Li Wen - Public Health Care on the Tobacco Plantations on Sumatra’s East Coast (1897-1942)
From the late nineteenth century, large-scale tobacco plantations developed on the thinly populated Sumatra’s East Coast. The demand for a considerable input of labor was met by indentured labor, or the so-called coolie labor, first largely recruited from the Straits Settlements and China and later on from Java. The existing historical controversy over indentured labor on the East Coast of Sumathra, among anthropologists and historians, focus on the role played by the colonial state and labor control. Ann Stoler and Jan Breman hold that colonial authorities collaborated with European planters in terms of taming the coolie beast. In contrast, Houben, Lindblad, and others offer a more benign view of the labor relations by portraying the variations over time and place and by arguing for a dual-role of the colonial state. What seems to be neglected in this controversy, however, is the labor provision. How to maintain a sufficient labor force for the production of tobacco? Could tobacco plantation companies find enough laborers from outside? If not, how could they preserve their existing manpower? Under these considerations, it seemed vital for the tobacco plantation companies to take measures to promote public health among coolie laborers.
In this thesis, mainly by investigating the medical journal Geneeskundig Tijdschrift voor Nederlandsch- Indiё, reports from the Pathological Laboratory in Medan (Verslag van het Pathologisch Laboratorium), and the unpublished handwritten interviews with ex-coolies made by Chinese researchers in 1960s, I partake in the controversy by reconstructing the historical development of coolies’ public health care on the East Coast of Sumatra in the early twentieth century, which at the time was considered as one of the most advanced contemporary tropical public health systems in the world. Different from the situation in Java, where the colonial government played a significant role in the affairs of public health and practical hygiene, public health care on Sumatra’s East Coast was basically a private system instituted mainly by tobacco plantation companies. Thus my main research question is: How did public health care develop on the tobacco plantations on Sumatra’s East Coast in the early twentieth century? In order to answer this, I will first of all explain why the tobacco plantation companies introduced public health care on the tobacco plantations of Sumatra’s East Coast, then reconstruct the historical development of public health care on the tobacco plantations of colonial Sumatra’s East Coast by focusing on the development of medical organizations, famous researchers and their researches, and efficient hygienic means of disposal, and finally try to evaluate this public health care system in terms of coolie mortality, response from contemporary Dutch academic circles, and coolies’ accounts. By focusing on public health care and using medical journals and reports, this study should be considered a starting point and incentive for further research to offer an alternative interpretation with regard to labor issues on the tobacco plantations.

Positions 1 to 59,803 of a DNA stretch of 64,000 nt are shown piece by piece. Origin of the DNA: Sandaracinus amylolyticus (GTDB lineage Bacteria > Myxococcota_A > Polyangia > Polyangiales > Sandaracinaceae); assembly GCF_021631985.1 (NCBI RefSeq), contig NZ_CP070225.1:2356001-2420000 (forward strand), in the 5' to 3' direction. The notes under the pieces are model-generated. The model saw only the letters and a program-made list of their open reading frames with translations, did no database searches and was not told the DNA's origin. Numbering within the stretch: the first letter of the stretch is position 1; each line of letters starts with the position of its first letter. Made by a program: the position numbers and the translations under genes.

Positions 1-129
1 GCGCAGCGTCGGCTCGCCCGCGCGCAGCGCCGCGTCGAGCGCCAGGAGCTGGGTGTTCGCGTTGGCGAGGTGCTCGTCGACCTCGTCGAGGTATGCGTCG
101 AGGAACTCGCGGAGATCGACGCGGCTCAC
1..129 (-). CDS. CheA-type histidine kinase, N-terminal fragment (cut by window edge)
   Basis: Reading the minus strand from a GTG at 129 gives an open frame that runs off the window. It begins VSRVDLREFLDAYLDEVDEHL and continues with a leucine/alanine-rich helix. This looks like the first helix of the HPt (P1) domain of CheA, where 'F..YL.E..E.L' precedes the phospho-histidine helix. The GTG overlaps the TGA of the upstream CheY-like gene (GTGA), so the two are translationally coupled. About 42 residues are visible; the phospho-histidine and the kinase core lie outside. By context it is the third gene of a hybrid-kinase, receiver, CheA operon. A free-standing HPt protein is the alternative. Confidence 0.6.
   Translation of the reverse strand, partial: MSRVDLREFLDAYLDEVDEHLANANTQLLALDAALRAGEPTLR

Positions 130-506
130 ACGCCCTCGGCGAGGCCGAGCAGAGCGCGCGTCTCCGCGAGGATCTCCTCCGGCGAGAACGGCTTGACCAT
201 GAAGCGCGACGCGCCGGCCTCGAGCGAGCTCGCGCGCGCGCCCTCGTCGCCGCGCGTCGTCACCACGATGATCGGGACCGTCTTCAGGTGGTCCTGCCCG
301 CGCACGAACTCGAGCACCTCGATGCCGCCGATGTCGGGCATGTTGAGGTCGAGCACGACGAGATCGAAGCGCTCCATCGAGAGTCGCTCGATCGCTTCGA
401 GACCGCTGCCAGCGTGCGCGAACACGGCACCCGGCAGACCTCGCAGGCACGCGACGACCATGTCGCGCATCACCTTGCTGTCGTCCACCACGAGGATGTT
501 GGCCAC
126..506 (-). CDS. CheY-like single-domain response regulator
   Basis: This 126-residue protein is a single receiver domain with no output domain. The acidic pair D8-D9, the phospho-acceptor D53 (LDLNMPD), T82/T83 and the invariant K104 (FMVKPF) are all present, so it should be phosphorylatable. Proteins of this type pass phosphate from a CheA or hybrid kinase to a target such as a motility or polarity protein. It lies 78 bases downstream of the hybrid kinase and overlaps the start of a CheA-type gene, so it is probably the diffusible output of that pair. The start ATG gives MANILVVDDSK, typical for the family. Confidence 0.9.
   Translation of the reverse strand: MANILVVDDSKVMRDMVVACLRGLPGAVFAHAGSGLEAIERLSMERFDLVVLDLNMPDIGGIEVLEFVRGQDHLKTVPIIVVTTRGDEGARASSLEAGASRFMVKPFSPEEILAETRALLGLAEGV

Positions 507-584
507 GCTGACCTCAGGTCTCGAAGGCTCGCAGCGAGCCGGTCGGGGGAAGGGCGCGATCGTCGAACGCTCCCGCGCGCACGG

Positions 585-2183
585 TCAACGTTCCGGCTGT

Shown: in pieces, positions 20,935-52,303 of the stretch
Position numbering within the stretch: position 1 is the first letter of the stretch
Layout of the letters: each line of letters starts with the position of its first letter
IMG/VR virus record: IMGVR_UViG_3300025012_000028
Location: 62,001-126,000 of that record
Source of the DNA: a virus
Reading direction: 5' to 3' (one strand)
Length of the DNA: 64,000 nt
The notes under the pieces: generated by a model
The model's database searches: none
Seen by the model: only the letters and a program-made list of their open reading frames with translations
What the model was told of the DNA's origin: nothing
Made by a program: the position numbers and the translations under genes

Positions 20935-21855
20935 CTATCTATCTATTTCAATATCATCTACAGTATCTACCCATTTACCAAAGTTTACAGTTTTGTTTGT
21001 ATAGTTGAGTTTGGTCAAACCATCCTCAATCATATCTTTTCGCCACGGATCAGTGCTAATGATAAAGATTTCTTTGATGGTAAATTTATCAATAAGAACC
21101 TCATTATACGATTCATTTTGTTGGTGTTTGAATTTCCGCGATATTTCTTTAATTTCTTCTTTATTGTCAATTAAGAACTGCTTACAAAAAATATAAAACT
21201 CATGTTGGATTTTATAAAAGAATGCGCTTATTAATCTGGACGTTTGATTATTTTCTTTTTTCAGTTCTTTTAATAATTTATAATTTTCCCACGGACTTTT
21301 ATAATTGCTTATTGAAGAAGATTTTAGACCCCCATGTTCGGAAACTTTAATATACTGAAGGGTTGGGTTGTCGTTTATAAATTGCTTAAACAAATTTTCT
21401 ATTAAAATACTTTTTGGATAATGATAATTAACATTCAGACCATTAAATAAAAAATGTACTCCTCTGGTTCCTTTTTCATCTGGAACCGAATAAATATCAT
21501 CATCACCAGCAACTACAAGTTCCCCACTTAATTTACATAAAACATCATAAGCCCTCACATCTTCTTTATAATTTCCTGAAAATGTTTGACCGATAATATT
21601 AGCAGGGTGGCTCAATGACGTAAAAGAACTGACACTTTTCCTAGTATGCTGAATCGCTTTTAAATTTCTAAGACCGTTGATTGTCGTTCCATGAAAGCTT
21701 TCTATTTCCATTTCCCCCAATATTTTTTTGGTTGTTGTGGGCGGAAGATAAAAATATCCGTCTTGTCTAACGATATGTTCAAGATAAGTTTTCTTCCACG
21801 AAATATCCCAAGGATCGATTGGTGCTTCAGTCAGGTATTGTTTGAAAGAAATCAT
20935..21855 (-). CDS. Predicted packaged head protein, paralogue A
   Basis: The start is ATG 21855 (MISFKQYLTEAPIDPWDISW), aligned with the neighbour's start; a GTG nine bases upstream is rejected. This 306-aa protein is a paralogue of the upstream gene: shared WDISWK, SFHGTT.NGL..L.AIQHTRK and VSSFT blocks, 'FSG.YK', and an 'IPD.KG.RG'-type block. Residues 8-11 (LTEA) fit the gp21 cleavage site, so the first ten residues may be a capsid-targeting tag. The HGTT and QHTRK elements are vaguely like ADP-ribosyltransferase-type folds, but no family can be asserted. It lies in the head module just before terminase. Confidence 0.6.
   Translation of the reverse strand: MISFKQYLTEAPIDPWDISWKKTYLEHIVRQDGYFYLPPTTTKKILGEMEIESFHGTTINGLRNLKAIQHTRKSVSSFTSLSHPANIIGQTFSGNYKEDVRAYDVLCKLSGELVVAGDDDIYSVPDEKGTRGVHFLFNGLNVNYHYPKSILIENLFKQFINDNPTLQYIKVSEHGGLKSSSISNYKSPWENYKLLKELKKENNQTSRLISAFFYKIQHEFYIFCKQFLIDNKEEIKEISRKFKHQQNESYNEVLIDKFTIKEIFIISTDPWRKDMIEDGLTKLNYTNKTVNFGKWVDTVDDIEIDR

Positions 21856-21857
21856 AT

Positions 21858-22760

Li has graduated for her Research MA degree in 2009.